DHCCounter 0.0.1

DHCCounter 0.0.1

TestsTested
LangLanguage Obj-CObjective C
License MIT
ReleasedLast Release Dec 2014

Maintained by Unclaimed.



  • By
  • Daniel Haight

It counts events, then sends notifications to tell you how many times they happened. Incase you want to do both of those. please note the 0.0.X release at the moment, changes will be breaking… (But likely easy to deal with)

Installation

manual

pro-tip use cocoapods

Drag DHCCounter.{m,h} to Xcode your favourite IDE.

Usage

Quick Example

//subscribe to the notification with the name "DHCEventCountChangeForEventName"+ your event name… this Example uses "MyEvent"
        [[NSNotificationCenter defaultCenter] addObserver:self selector:@selector(gotMyEventNotification:) name:@"DHCEventCountChangeForEventNameMyEvent" object:nil];
////

//Bump the count
[DHCCounter bumpCountForEventName:@"MyEvent"];

//somewhere else //and we assume the count was previously 0
-(void)gotMyEventNotification:(NSNotification *)notification{
    NSLog(@"count for MyEvent: %i",[notification.userInfo objectForKey:@"count"]); // logs 'count for MyEvent: 1'
}

(un)subscribing to an event

when a count changes it is broadcast over NSNotificationCenter. So just follow the process of subscribing to an NSNotification.

You choose your event names and the name of the notification changes accordingly.

If you name your event CheckBalance then the notification posted to notification center will be called DHCEventCountChangeForEventNameCheckBalance or in code you might do something like this

NSString *const eventName = @"CheckBalance";

//subscribe
- (void)viewDidAppear:(BOOL)animated{
[[NSNotificationCenter defaultCenter] addObserver:self selector:@selector(gotNotification:) name:[NSString stringWithFormat:@"DHCEventCountChangeForEventName%@",eventName] object:nil];
}

//unsubscribe!!
- (void)viewDidDisappear:(BOOL)animated{
    [[NSNotificationCenter defaultCenter] removeObserver:notificationCatcher name:[NSString stringWithFormat:@"DHCEventCountChangeForEventName%@",eventName] object:nil];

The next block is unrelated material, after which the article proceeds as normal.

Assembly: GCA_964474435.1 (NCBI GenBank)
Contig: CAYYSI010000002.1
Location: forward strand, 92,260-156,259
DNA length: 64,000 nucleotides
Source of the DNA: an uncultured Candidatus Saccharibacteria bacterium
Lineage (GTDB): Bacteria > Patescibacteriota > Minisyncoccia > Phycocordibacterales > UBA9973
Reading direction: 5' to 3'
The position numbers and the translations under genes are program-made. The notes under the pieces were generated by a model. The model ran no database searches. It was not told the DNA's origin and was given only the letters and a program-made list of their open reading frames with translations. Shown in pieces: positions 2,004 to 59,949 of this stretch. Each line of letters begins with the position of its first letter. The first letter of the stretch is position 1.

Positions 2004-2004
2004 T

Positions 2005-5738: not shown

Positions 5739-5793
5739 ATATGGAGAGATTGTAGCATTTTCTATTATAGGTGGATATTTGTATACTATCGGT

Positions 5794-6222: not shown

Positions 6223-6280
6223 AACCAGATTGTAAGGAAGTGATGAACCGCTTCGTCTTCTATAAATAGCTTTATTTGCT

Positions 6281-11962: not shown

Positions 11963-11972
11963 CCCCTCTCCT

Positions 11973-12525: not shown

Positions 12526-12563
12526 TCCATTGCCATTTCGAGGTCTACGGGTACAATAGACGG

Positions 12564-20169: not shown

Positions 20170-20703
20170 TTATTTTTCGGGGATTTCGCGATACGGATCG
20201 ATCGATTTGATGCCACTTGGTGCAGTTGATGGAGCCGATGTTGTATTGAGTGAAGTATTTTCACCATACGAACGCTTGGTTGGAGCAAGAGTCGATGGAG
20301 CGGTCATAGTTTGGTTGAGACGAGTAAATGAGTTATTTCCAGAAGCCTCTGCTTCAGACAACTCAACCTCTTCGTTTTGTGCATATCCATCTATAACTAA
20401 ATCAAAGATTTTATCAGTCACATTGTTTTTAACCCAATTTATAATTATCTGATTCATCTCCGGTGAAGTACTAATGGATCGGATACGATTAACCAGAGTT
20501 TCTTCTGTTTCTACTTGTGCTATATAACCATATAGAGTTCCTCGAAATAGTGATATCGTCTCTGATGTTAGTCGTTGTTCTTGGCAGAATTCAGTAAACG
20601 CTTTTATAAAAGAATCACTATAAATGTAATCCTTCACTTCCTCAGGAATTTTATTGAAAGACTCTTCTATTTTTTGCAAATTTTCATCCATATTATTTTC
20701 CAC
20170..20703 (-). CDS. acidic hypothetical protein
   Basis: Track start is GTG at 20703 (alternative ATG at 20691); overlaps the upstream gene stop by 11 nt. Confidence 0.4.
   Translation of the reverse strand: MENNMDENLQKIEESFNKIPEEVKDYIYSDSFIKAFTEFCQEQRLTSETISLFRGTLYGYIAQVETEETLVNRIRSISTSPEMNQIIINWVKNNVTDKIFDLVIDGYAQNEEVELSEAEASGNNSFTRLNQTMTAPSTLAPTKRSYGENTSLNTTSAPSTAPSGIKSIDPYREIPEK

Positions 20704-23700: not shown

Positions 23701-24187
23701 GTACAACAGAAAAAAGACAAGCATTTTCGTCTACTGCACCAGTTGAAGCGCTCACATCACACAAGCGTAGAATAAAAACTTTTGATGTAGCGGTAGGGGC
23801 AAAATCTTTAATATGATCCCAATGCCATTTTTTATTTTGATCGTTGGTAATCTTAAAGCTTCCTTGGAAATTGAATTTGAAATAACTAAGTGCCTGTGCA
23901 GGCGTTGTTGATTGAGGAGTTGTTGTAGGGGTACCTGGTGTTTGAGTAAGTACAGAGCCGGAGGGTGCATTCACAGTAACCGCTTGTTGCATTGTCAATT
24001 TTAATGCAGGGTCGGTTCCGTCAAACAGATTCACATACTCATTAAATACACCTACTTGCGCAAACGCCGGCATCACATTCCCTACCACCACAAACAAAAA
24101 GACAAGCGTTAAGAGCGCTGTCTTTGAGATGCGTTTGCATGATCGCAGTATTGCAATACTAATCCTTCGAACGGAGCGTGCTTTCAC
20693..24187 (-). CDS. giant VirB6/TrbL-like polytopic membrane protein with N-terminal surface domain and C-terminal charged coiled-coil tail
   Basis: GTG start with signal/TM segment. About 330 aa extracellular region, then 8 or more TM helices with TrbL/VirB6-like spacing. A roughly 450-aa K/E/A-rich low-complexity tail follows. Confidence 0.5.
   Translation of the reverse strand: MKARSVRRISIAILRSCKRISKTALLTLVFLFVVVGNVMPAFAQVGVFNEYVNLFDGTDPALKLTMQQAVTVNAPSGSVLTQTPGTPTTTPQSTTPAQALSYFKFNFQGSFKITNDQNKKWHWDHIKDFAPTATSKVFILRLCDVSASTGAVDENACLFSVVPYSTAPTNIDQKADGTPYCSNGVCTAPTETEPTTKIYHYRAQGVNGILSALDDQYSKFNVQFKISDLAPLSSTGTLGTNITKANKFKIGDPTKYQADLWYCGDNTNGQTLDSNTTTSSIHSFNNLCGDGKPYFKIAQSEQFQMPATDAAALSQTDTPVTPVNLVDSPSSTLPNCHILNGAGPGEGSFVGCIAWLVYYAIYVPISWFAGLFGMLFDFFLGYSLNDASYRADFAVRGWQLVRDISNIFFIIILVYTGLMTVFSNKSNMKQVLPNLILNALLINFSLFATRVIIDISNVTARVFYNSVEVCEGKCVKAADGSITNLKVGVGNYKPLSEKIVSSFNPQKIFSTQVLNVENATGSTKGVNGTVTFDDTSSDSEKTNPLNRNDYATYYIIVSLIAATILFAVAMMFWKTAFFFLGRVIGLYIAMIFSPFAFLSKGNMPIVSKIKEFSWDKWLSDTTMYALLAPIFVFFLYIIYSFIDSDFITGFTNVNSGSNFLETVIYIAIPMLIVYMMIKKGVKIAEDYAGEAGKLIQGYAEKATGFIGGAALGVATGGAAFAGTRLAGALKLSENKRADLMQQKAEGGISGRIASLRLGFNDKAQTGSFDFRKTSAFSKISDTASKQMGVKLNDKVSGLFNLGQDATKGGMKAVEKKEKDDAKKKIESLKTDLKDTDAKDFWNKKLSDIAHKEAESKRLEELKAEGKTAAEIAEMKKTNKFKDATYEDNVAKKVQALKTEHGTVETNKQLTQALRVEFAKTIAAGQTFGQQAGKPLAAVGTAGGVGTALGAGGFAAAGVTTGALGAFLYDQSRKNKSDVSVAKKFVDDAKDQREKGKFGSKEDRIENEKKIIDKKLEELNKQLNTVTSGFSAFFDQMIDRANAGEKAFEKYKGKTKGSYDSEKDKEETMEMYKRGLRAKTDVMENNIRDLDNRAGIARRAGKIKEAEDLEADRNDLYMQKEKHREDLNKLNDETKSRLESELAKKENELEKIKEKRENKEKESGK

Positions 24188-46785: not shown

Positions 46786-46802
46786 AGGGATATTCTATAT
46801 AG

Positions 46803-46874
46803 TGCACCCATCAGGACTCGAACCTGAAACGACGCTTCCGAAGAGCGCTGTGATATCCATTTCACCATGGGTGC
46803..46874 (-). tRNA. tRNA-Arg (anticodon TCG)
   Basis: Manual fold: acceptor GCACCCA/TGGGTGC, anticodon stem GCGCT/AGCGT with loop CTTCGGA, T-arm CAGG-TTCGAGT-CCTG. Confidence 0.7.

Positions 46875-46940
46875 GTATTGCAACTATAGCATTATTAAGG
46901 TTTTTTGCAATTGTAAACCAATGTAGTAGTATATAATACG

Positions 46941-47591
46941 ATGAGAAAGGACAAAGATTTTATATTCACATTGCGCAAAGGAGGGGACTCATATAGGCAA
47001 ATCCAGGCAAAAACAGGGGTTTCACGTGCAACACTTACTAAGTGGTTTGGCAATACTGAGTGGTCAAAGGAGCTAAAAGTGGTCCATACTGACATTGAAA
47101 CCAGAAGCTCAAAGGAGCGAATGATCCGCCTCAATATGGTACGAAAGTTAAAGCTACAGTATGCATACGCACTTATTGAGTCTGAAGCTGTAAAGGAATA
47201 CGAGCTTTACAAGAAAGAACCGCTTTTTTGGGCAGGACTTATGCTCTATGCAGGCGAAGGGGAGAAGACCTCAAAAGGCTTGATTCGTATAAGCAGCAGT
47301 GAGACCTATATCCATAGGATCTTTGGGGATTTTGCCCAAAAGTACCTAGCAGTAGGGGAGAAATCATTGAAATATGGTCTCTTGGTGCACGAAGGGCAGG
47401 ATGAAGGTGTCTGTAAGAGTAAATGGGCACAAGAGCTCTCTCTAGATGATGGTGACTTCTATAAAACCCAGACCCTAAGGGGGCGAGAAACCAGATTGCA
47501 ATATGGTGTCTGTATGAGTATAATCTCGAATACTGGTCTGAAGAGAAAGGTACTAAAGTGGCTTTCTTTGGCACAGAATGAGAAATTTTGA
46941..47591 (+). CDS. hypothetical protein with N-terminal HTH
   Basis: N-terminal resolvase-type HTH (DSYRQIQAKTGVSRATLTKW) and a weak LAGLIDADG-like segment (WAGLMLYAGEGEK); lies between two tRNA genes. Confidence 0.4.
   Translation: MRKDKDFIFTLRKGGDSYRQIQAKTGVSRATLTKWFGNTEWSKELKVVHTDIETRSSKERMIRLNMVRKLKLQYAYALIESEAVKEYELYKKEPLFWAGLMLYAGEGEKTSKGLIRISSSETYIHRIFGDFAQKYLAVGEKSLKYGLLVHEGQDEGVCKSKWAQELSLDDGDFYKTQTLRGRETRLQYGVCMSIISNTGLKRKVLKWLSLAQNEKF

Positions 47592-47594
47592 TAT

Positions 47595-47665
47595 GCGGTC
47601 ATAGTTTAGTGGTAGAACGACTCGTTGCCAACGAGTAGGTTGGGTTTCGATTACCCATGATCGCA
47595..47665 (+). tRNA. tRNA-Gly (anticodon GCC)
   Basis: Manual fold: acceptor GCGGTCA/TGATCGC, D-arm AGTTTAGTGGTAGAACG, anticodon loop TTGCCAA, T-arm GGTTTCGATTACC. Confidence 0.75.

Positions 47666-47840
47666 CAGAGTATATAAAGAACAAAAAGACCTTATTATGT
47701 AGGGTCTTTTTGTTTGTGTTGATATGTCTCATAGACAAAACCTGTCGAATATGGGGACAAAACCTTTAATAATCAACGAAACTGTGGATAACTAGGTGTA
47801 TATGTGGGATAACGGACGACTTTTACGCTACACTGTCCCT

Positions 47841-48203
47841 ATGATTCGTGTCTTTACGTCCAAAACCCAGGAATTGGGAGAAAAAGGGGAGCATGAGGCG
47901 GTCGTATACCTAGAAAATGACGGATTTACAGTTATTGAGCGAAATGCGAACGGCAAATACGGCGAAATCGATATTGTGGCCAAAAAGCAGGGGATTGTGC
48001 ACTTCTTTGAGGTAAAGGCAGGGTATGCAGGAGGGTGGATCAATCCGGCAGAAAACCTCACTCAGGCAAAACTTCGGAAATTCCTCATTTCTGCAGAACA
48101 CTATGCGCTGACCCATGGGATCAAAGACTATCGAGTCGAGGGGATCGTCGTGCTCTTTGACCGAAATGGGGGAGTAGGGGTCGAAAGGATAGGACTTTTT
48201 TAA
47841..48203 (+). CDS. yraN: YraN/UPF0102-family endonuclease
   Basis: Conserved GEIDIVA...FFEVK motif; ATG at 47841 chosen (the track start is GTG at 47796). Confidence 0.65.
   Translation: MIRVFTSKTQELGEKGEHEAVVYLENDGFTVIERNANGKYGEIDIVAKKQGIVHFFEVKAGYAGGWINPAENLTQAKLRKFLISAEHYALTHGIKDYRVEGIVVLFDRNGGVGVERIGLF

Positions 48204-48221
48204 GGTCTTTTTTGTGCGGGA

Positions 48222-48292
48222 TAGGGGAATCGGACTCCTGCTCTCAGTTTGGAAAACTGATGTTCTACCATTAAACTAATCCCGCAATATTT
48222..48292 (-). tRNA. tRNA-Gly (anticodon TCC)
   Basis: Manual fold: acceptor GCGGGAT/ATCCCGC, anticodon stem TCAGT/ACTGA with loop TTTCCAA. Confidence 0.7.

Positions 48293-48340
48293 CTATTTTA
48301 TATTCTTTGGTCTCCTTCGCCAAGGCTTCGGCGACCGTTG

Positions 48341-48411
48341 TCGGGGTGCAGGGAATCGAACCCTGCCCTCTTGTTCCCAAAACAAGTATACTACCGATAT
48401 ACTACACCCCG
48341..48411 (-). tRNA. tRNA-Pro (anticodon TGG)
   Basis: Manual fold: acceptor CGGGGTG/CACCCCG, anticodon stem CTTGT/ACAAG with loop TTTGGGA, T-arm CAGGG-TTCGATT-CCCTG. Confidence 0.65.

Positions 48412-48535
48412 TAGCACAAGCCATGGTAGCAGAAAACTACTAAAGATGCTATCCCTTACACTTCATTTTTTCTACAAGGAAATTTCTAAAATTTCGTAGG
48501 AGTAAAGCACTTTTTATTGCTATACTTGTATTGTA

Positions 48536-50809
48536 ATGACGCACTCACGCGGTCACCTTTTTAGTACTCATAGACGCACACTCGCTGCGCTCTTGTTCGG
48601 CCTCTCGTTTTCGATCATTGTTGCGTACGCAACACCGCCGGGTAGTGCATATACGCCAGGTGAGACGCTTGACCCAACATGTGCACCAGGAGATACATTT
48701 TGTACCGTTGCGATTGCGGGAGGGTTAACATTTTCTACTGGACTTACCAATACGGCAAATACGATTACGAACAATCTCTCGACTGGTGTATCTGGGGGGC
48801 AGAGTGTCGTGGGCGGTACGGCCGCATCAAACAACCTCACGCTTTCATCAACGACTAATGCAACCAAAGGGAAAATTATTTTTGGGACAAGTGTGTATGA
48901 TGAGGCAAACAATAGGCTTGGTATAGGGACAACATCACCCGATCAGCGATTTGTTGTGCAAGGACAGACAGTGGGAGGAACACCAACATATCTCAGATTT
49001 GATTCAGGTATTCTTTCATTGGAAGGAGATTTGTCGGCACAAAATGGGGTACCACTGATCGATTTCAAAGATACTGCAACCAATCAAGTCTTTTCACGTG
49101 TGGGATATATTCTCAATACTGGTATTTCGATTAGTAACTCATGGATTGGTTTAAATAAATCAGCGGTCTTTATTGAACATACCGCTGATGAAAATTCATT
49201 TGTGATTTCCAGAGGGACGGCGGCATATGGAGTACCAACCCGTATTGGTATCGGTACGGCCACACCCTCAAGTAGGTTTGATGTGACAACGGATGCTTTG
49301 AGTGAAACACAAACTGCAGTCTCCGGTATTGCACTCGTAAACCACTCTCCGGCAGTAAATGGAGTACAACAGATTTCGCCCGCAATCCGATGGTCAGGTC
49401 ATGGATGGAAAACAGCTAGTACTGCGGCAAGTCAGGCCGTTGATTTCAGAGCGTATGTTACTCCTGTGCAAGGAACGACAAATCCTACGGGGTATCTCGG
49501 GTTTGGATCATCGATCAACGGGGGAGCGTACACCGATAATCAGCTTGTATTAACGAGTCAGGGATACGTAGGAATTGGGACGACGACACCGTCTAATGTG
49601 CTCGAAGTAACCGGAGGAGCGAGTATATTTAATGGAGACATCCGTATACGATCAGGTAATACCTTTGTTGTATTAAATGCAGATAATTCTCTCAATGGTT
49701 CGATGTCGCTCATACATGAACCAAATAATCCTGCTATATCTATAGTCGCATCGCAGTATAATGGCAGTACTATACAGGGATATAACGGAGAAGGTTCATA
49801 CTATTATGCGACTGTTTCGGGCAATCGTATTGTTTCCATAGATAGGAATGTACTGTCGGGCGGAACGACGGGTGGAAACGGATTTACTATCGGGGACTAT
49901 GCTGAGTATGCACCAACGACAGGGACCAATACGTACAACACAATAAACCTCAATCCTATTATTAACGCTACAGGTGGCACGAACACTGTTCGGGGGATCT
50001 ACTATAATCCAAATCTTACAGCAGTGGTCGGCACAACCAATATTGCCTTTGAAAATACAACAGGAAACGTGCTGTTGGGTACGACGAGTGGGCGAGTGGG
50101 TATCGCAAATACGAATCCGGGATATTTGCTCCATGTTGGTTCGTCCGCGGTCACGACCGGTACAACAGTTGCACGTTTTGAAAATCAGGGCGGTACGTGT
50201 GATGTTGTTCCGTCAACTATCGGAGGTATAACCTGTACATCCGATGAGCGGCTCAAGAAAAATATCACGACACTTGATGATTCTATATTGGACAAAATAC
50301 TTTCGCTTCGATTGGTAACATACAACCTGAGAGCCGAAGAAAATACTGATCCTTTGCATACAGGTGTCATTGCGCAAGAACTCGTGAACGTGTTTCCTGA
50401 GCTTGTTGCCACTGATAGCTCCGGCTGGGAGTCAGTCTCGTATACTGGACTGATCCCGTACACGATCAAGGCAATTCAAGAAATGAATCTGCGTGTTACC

}

getting/ setting count

get count for eventName

NSInteger countForEvent=[DHCCounter countForEventName:@"someEventName"];

set count for eventName

there are a few ways to set count for convenience

NSString *[email protected]"someEventName"

[DHCCounter bumpCountForEventName:eventName]; //increases count by one

[DHCCounter increaseCountForEventName:eventName byInteger:6]; //increase by a given NSInteger eg. 6

[DHCCounter setCount:22 ForEventName:eventName] // set count to a given NSInteger eg. 22

Acting on a change

after subsctribing to a notification for a specific event notification and defining a seector (in our example: gotNotification:) , you receive an NSNotification as the input parameter… this seems like a sensible place to tell you the count of the event once it has been changed… so we do.

-(void)gotNotification:(NSNotification *)notification{
    NSInteger count=notification.userInfo objectForKey:@"count";

    if (count > 9000) { 
        //do your stuff once user has done a thing 9000 times
    }

}

Takeaway point: the count of the event is contained in the userInfo dictionary of the NSNotification with the key @"count"